top of page


1) It is a decision

I remember getting off the bus in elementary school, waving goodbye, and telling the driver, “Have a good day!”, to which she responded, “Make it a good day”. That blew my little mind. It hadn’t really occurred to me that it was my choice. That I could be in control of how my day went. All of the good things and all of the bad things were up to my own interpretation and allowed for my own response. 

2) A strategy for carrying through on the decision

So how the heck do we do that? There's no one size fits all, but there are a few things that I've kept in my toolbelt to help myself choose.

3) A state of mind that tells you you’re living effectively according to your decision

When we view happiness and sadness as two ends of the spectrum, giving ourselves one option or the other, we lose sight of the in-between. Happiness is an emotion, not a consistent state of being. Happiness and joy can be experienced in any moment, but they're not guaranteed in every moment. The lows are what allow us to feel the highs. They’re what provide us with that contrast and context we need to be able to identify the good feelings. Deciding to be accountable of our own actions and allowing ourselves to be present in the moment doesn't guarantee happiness, but it's not excluded either.

Sometimes happiness comes from one person, one moment, or one thought that makes the difference. Sometimes, it's just you. Sometimes you’re not happy, but that’s okay. Happiness is an emotion, not a constant state of being. Happiness is making a decision.

And you can make it again. And again. And again.

I recently stumbled upon the book, Brain Power: Learning to Improve your Thinking Skills by Karl Albrecht, and within the first few pages, I found a quote that really struck me.

There’s no denying that these past few years have been crazy. So many things have changed in the world that has so fundamentally altered the way that we move throughout our days. I often find myself forcing much of my energy on trying to achieve this concept of happiness, but rarely do I actually consider it for what it is; a feeling. When did an emotion become a state of being?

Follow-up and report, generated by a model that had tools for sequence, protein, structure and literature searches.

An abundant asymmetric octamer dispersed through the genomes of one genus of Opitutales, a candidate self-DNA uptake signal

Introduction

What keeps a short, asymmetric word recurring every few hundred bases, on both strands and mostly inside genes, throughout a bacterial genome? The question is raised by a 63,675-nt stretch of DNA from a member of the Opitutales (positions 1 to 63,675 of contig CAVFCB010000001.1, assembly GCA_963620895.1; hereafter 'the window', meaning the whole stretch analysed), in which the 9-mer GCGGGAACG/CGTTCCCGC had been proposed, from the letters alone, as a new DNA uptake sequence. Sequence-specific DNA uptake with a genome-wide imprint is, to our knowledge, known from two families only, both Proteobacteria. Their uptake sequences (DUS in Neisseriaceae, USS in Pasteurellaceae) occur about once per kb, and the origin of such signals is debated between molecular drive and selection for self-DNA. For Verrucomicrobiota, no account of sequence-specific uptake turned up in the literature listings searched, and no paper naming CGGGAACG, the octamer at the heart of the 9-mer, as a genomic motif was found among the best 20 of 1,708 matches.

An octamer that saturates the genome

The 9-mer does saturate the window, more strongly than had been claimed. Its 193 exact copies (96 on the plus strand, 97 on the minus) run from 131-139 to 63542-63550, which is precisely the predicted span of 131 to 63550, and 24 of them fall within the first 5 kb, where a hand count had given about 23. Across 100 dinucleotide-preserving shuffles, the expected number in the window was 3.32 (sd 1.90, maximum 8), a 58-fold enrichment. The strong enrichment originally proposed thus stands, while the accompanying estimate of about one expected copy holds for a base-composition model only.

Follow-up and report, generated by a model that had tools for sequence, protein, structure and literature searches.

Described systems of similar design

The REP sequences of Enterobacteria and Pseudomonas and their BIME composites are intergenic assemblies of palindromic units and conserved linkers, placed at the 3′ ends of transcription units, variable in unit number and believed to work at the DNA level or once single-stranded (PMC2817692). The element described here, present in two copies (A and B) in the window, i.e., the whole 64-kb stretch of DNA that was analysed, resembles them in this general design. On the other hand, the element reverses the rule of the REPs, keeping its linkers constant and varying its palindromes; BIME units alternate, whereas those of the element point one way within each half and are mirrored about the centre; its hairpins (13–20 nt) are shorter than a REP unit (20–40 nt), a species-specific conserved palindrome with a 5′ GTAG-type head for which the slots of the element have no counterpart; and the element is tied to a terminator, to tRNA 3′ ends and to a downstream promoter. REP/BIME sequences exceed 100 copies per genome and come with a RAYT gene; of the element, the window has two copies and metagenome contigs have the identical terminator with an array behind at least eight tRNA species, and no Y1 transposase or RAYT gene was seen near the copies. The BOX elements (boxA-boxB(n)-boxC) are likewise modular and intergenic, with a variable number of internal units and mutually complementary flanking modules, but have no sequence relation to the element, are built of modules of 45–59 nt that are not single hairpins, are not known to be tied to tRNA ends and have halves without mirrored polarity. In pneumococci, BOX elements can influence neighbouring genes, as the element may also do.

Thinking more about the way that Albrecht broke down the concept into those 3 elements started to make it easier to figure out why, exactly, I was approaching it in such a black and white way. I didn't need to alter my path, but instead, I needed to decide to be present in the moments along the way. I needed to choose happiness.

“Being happy is a decision, together with a strategy for carrying through on the decision, and a state of mind that tells you that you’re living effectively according to your decision” 

  • Ascertain whether or not this feeling or experience will matter to you in 5 minutes? 5 hours? 5 days? 5 months? 5 years?
I recently heard someone say, "If it's out of your hands, it deserves freedom from your mind too". We only have the power to change what we have the power to change.
  • Ask yourself, does this serve me?
This sounds so cliché, but I swear there's weight in it! Marie Kondo put it best, "Does this spark joy?". When you're sitting with a feeling, living in a moment, or pursuing an action, if it doesn't serve a positive purpose, decide to let it go. 
  • Set intentions rather than resolutions
Every New Years' Eve, we all make these resolutions to work out more, eat healthier, or start a new project, but these resolutions are hard and fast goals. Pass or fail. Intentions are broader ideas. They're mindful actions rather than achievable milestones.
  • Finding the small things
Drink your favorite tea, watch your favorite show, call up your best friend, pet a dog. Whatever it is that brings you joy, take those small moments and consider them wins.
Want to learn more about Emelie's approach to filmmaking? Check out her interview, "Learn From the Best: Emelie Flower Director of Photography" on Medium. 

Want to hire Emelie to help bring your content to life? Read more about her professional experience on LinkedIn.

Thanks for submitting!

bottom of page